What’s Really Dangerous for Kids? Hint: It Has Four Wheels and a Tailpipe.

2822848009_98b4623864_m.jpgPhoto by pawpaw67 via Flickr.

When she wrote a column for the New York Sun last year about letting her nine-year-old ride the subway on his own, Lenore Skenazy was pilloried by many as an irresponsible mom. She stuck to her guns, though, and started a blog
dedicated to "sane parenting", advocating the idea that we are
over-sheltering our children from infinitesimal threats such as
stranger abduction. According to Skenazy, the kind of independence
represented by that subway trip is necessary and healthy for children
— and their parents as well.

Now she’s making the publicity rounds promoting her book, Free-Range Kids. In a recent interview with Salon,
she pointed out that  while many American parents are terrified to let
their children walk a few blocks or ride public transit, they think
nothing of driving them everywhere — even though car crashes are the leading cause of death for children in the US:

If you don’t want to have your child in any kind of danger, you really
can’t do anything. You certainly couldn’t drive them in a car, because
that’s the No. 1 way kids die, as passengers in car accidents.

Salon: Rationally, why aren’t cars the bogeyman instead of stranger abduction?

It would change our entire lifestyle if we couldn’t drive our kids in a
car, and it’s a danger that we just willingly accept without examining
it too much, because we know that the chances are very slim that we’re
going to have a fatal car accident. But the chances are 40 times
slimmer that your kid walking to school, whether or not she’s the only
one, is going to be hurt by a stranger.

answer gets to the heart of why it is so hard for people to accept the
many ways in which automobiles hurt everyone in society, perhaps
especially children — through crashes, through polluting the air, through promoting obesity.
We can imagine a life in which our children are not allowed to play
outdoors, walk to a friend’s house or spend any time unsupervised. But
we just can’t imagine life without cars.

Or can we?

  • Spokker

    People mistakenly believe they are in control in a car. While your driving skills (such as defensive driving) can certainly help you avoid accidents, you are not the master of your destiny on a freeway as any number of things outside of your control can happen to kill you and your precious.

    Parents are worried about their kids, and rightly so, but it causes them to act in irrational ways, behaviors that are then passed on to their kids.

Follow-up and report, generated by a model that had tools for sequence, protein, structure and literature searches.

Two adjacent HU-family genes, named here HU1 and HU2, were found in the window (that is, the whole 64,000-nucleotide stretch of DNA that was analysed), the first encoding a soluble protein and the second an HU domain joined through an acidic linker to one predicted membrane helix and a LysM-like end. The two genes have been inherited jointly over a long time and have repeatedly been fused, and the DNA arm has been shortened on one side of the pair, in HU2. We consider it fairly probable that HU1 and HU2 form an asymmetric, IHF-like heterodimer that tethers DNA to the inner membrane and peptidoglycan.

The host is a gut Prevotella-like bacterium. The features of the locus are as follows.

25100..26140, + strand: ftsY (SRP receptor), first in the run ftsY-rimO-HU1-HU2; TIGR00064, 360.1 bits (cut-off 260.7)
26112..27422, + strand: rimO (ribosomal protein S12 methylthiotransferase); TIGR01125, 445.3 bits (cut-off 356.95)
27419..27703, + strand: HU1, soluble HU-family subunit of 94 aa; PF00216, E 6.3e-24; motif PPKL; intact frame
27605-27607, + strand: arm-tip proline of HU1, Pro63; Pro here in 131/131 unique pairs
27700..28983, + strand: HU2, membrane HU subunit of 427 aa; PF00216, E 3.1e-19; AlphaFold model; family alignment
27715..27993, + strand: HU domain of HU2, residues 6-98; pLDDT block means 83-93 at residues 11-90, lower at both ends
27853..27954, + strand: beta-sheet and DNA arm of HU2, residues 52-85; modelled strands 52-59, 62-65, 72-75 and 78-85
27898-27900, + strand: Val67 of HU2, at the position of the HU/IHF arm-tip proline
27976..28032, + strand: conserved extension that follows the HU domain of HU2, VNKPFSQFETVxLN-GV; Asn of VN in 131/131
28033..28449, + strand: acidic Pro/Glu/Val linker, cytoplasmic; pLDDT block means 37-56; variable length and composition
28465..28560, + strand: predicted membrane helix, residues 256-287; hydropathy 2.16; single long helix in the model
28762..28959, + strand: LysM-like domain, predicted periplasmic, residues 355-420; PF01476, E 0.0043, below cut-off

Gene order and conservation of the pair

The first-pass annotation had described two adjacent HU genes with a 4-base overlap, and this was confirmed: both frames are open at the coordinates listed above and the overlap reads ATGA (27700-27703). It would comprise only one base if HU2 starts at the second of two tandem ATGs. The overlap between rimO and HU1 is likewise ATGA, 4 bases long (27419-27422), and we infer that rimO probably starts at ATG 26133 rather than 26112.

• Brent

    In this video,

    , which has been making the rounds on bicycle blogs, one Dutch official talks about how parents had a vital role in the widespread roll out of bicycle lanes in Holland.

    This perspective may give us in Los Angeles a powerful insight in how to improve bicycling on our streets. There be no more powerful lobby than parents concerned about their children, nor any group of individuals more willing to act in hopes of making their children safer.

    In watching the “Storm the Bastille” L.A. City Council videos from the other day, I was struck at the marked difference in culture from the riders and the council members. The riders did a great job, and did spark some action, but the council members seemed more to patronize than understand the problems facing cyclists.

    Imagine if we could get parents lobbying for bike lanes and paths safe enough for their children to ride to school. What a difference that would make! It would no longer be a “bicycle culture” issue, but instead a child safety issue, and that could make a huge difference.

    One can dream…


Having a Kid Doesn’t Mean Having a Car

Bus Chick’s "Chicklet" is happy to take public transit. One of our favorite recent discoveries on the national transpo blogging scene is Carla Saulter, a third-generation Seattleite who documents her transit-going life in a blog called Bus Chick for the Seattle Post-Intelligencer. A lot of people who do without cars before they become parents think […]